Responding to the handover, Labour party leader Ed Miliband said: "All those who served did so to help ensure Afghanistan could no longer be used as a safe haven for terrorists."
He added that Britain "must make sure that we continue to give the right support to the Afghan government both politically and through humanitarian aid, so that security and stability in Afghanistan can be maintained in the years to come".
Defence Secretary Michael Fallon said UK support would continue through "institutional development", the Afghan National Army Officer Academy and development aid.
Speaking on the BBC's Andrew Marr Show, Mr Fallon accepted the Taliban had not been defeated, but said Afghan forces were now taking "full responsibilities".
He said: "Our armed forces' tremendous sacrifice laid the foundations for a strong Afghan security force, set the security context that enabled the first democratic transition of power in the country's history, and stopped it being a launch pad for terrorist attacks in the UK."
Asked about UK military operations, Mr Fallon said: "Mistakes were made militarily, mistakes were made by the politicians at the time and this goes back 10, 13 years.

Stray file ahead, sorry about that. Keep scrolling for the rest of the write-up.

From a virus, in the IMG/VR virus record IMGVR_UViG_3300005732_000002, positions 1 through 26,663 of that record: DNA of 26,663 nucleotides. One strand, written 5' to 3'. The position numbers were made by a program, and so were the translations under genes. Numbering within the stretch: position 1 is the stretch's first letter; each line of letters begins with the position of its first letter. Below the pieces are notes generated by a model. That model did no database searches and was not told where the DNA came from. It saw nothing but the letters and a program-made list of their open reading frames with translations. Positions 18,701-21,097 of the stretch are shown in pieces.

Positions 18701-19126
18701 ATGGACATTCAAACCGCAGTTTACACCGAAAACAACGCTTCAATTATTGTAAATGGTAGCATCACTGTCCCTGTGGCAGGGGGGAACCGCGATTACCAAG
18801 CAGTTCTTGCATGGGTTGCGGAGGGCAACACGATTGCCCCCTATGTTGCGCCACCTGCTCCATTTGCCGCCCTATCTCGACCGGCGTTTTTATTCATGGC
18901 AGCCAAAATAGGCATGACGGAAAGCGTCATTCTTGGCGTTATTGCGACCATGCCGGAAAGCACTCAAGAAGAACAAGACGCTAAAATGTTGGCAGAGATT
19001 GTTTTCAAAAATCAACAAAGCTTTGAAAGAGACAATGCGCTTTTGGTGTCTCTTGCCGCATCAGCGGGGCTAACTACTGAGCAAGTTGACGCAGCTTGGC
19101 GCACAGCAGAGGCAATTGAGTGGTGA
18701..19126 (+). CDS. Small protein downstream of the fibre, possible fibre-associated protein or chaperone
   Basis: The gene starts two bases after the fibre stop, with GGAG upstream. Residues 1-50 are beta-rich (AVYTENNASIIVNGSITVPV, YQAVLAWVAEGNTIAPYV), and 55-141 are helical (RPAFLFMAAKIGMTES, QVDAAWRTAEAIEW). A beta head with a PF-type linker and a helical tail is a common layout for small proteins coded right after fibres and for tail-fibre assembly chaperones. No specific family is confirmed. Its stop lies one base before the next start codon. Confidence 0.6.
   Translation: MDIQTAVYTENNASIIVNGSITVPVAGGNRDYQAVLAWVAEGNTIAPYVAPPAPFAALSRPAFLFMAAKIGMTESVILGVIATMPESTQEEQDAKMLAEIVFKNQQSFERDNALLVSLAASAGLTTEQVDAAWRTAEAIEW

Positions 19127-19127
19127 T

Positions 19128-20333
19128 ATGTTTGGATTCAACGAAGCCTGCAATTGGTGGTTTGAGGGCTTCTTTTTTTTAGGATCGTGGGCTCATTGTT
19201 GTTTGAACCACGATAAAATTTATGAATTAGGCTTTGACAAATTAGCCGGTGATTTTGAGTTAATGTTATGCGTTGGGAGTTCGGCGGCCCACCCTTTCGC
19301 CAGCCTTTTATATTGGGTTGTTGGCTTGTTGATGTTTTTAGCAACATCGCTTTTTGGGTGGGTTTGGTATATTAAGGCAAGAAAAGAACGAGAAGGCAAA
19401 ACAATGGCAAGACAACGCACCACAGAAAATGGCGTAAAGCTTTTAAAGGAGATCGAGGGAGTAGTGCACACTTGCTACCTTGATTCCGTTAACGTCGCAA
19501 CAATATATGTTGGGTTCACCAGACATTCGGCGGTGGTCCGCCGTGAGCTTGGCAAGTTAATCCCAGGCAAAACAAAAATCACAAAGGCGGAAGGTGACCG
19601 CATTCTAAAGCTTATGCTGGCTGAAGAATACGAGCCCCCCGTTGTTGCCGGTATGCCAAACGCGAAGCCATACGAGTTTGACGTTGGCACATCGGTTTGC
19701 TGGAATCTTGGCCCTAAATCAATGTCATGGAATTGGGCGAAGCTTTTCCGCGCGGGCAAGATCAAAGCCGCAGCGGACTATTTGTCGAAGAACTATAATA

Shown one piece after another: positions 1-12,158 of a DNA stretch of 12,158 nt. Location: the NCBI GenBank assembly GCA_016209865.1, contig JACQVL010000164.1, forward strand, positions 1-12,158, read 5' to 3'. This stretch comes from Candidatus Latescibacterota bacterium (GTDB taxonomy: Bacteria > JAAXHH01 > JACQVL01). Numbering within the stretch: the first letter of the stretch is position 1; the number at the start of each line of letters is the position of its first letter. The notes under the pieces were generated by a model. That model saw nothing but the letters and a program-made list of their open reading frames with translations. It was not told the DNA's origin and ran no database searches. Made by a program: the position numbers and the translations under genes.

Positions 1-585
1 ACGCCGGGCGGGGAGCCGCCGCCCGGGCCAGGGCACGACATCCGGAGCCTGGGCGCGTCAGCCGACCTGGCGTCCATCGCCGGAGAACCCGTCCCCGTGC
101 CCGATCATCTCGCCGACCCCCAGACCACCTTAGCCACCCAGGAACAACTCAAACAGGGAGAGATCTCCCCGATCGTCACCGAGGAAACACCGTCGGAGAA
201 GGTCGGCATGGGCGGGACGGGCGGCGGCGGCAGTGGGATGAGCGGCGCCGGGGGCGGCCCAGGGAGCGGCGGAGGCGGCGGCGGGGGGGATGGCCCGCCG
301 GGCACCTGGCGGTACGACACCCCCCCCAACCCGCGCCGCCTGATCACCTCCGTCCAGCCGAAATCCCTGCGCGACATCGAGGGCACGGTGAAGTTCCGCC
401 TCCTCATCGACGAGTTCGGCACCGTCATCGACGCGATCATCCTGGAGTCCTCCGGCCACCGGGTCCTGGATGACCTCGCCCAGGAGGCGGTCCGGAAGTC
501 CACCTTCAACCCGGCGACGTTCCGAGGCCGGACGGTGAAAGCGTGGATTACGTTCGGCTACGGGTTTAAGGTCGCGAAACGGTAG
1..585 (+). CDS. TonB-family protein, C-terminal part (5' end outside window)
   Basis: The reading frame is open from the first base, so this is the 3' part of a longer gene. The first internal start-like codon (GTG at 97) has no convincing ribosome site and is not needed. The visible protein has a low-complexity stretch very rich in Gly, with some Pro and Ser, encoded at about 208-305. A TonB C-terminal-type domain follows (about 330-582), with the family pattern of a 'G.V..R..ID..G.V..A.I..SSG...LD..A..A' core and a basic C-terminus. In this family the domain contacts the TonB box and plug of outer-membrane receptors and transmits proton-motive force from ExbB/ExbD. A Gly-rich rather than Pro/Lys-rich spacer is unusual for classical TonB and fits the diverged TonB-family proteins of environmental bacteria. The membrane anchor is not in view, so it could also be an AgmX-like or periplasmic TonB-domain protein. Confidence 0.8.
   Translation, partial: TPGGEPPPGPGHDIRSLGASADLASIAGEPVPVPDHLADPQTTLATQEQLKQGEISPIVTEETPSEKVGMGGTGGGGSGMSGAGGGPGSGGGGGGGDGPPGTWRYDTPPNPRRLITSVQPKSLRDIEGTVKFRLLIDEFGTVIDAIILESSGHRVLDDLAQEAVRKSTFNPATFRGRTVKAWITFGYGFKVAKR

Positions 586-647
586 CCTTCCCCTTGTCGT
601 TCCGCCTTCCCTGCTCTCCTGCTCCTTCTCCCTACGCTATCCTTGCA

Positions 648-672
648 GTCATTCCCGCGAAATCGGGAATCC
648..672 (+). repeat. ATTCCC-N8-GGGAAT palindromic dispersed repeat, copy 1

"Clearly the numbers weren't there at the beginning, the equipment wasn't quite good enough at the beginning and we've learnt an awful lot from the campaign.
"But don't let's ignore what has been achieved."
Mr Fallon said most of the UK forces would be home by Christmas, with a few hundred staying to help with training at the officer academy.
"We're not going to send combat troops back into Afghanistan, under any circumstances," he added.
At the scene
Jonathan Beale, BBC defence correspondent, Camp Bastion
The Union flag has been flying in Helmand since 2006.
In a simple ceremony in Bastion - the now mostly empty main base for UK forces - it was lowered for the last time.
The moment was a symbol - for Britain at least - that its war in Afghanistan was over.
US marines alongside British and Afghan soldiers formed a guard of honour, saluting as the national anthems of all three countries were played over a loudspeaker.
It was a US-led ceremony with speeches by American and Afghan commanders.